.

There was a significant correlation between amorphous Mn and P-fixation (r = 0.88), and between amorphous Fe and P-fixation (r = 0.86) (Figures 4 and 5). From Table 2 it can be seen that the levels of these two elements are quite high in our soils. The high correlation between them and phosphate fixation are due to the formation of insoluble Mn and Fe phosphates, especially in acidic soils. In similar studies, Thomazi et al. (1990) found that iron oxides and clay were the main factors contributing to P-fixation in some Brazilian soils.

The other properties of the soils studied, namely exchangeable Na, K, Mg, Zn, Cu, B, Fe and Mn did not show any significant correlation with P-fixation.

CONCLUSION

The results suggest that P-fixation depends upon many factors and is a quite complex phenomenon. In this study P-fixation was found to be significantly correlated with amorphous Mn, amorphous Fe, organic matter, pH and clay content. Considering the economic and environmental impact of phosphorus fertilisation, it would be desirable to control the process of P-fixation. Using lime or coral sand on acidic soils raises the pH and reduces Fe, Mn and Al responsible for P-fixation. Since ammonium sulphate has a soil-acidifying effect, CAN should be applied wherever possible. Rock phosphate is preferable to TSP in acid soils in order to minimise P-fixation.

REFERENCES

AWAD KM and AL-OBAIDY KS. 1989. Effect of organic residues on phosphate adsorption by some calcareous soils. Mesopotamia Journal of Agriculture 21 (4) : 53 - 67.

COTTENIE A. 1980. Soil and plant testing as a basis of fertilizer recommendation. FAO Soils Bulletin No. 38. Rome, Italy : FAO.

DHARGAWE GN, MATTUR DB, BABULKA PS, KENE DR and BORKAR DK. 1991. Availability of soil phosphorus as affected by organic matter. Journal of Soils and Crops 1 (2) : 142 - 146.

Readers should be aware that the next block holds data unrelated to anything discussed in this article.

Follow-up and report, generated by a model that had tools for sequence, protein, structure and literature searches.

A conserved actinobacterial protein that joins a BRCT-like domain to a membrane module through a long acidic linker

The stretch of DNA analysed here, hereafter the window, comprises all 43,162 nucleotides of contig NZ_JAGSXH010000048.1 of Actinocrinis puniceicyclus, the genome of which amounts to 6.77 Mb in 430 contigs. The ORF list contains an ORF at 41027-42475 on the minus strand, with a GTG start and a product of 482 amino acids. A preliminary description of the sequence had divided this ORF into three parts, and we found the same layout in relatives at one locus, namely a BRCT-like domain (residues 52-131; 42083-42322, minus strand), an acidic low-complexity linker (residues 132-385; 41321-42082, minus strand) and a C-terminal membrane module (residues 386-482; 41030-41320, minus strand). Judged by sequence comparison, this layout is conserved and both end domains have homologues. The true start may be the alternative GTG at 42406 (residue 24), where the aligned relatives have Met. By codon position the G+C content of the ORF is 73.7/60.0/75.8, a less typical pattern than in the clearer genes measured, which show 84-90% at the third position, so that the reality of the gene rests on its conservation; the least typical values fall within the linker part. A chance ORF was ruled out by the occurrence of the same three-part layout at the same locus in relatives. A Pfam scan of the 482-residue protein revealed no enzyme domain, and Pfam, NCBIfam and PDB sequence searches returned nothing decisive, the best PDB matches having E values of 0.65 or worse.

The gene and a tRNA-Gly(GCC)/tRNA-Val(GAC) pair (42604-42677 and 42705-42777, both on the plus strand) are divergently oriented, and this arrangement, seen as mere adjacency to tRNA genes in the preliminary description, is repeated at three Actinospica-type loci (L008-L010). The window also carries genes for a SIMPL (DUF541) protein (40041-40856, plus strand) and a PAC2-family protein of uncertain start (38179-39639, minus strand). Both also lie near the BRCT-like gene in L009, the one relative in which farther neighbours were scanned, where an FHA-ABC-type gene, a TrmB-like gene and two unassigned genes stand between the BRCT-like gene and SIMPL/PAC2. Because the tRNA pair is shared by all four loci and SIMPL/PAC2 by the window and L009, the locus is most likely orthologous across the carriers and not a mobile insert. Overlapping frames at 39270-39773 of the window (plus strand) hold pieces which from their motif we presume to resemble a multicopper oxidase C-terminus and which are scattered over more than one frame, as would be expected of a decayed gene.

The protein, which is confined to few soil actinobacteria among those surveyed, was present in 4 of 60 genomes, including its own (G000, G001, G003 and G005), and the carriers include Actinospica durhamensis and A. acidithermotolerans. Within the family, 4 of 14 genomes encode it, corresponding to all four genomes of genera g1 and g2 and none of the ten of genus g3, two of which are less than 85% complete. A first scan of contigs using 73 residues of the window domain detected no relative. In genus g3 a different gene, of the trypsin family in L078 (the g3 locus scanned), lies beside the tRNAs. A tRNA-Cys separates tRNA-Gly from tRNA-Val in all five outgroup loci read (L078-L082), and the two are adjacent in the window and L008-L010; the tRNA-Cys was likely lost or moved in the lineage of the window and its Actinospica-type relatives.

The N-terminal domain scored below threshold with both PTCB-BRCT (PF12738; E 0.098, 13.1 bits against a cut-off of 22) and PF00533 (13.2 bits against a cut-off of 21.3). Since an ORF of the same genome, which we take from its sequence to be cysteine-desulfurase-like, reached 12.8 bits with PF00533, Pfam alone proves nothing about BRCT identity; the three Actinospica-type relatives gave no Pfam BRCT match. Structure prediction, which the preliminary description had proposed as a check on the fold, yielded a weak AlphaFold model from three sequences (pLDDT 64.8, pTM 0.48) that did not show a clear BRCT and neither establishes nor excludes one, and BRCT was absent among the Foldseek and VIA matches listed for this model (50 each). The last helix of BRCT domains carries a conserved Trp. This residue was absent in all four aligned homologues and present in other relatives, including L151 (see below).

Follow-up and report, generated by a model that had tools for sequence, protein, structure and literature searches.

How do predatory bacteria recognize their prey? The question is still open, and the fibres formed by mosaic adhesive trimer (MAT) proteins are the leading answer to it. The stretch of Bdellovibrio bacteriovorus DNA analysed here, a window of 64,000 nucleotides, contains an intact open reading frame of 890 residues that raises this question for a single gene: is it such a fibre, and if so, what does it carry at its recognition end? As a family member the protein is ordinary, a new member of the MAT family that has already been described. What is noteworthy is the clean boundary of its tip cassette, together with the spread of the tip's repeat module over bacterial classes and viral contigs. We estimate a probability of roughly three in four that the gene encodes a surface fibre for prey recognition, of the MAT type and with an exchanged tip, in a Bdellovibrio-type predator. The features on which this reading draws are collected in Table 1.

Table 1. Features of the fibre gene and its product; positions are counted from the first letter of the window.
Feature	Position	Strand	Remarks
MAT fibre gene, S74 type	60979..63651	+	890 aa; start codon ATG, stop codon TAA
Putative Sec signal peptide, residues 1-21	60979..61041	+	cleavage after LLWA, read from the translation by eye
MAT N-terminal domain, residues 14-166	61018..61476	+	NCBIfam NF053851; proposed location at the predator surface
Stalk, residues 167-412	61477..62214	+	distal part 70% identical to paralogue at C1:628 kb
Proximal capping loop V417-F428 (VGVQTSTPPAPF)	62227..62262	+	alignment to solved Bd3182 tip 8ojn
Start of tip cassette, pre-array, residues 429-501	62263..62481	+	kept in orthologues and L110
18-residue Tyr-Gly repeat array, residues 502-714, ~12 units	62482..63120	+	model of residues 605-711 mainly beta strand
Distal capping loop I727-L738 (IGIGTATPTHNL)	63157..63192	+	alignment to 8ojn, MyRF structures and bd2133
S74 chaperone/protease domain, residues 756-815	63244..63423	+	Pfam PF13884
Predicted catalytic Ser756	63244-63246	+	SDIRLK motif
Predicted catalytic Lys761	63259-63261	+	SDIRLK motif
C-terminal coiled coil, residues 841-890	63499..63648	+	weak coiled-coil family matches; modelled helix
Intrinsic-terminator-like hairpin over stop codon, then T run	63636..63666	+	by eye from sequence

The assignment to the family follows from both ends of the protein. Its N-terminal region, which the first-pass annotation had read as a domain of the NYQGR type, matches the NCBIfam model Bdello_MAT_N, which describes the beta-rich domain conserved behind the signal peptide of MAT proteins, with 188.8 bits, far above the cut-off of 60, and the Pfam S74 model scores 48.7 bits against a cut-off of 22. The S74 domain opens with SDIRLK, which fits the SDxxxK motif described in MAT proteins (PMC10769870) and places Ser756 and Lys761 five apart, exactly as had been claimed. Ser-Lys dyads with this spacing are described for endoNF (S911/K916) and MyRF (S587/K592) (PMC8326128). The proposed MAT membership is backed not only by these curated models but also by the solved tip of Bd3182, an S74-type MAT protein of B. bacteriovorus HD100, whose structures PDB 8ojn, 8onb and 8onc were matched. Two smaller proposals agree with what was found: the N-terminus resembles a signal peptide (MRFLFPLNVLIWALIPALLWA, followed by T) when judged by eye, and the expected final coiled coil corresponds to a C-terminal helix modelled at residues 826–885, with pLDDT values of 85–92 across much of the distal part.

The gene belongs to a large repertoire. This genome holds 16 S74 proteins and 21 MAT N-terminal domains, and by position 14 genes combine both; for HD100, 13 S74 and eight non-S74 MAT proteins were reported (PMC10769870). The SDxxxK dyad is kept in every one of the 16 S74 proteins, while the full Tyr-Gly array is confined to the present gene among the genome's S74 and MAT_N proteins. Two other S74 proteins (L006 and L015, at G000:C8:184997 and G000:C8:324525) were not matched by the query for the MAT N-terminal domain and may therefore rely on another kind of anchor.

DOLUI AK and GANGOPADHYAY SK. 1984. Fixation of phosphate in relation to properties of some red and lateritic soils of West Bengal. Indian Journal of Agricultural Chemistry XVII (2) : 177 - 182.

JACKSON ML. 1973. Soil chemical analysis. India : Prentice - Hall.

KANWAR JS and GREWAL J. 1990. Phosphorus fixation in Indian soils. 2nd edition. New Delhi, India : Indian Council of Agricultural Research.

MAFNR see under Ministry of Agriculture, Fisheries and Natural Resources

Ministry of Agriculture, Fisheries and Natural Resources:1987. Annual Report of the Agricultural Services for the year 1984.

MOREL JL, FARDEAU JC, BERUFF MA and GUCKERT A. 1989. Phosphate fixing capacity of soils : a survey using the isotopic exchange technique of soils from north-eastern France. Fertiliser Research 19 (2) : 103 - 111.

NAIDU R, SYERS JK, TILLMAN RW, and KIRKMAN JH. 1990. Effect of liming on phosphate soption by acid soils. Journal of soil science 41 (1) : 163 - 175.

OWUSU-BENNOAH E and ACQUAYE DK. 1989. Phosphate sorption characteristics of selected major Ghanaian soils. Soil Science 148 (2) : 114 - 123.

SILLANPA M. 1990. Micronutrient assessment at the country level : an international study. FAO Soils Bulletin No. 63. Rome, Italy : FAO.

SOON YK. 1990. Solubility and retention of phosphate in soils of north western Canada prairie. Canadian Journal of Soil Science 70 ( 2 ) : 227 - 237.

THOMAZI MD, MELLO FAF, ARZOLLA S and MELLO FA. 1990. Phosphate fixation in soils of the Piracicaba Municipality. Revista de Agricultura 65 : (1) : 45 - 53.

WOODRUFF JR and KAMPRATH EJ. 1965. Phosphorus adsorption maximum as measured by Langmuir Isotherm and its relationship to phosphorus availability. Soil Science Society of America Proceedings 29,.p.148 - 280.

COMMENTS

Q. Why is Calcium Ammonium Nitrate (CAN) used in acid soils as compared to ammonium sulphate?

A. The lowering of pH with the application of ammonium sulphate is due to ammonium ions. The presence of calcium ion in CAN helps to prevent acidification.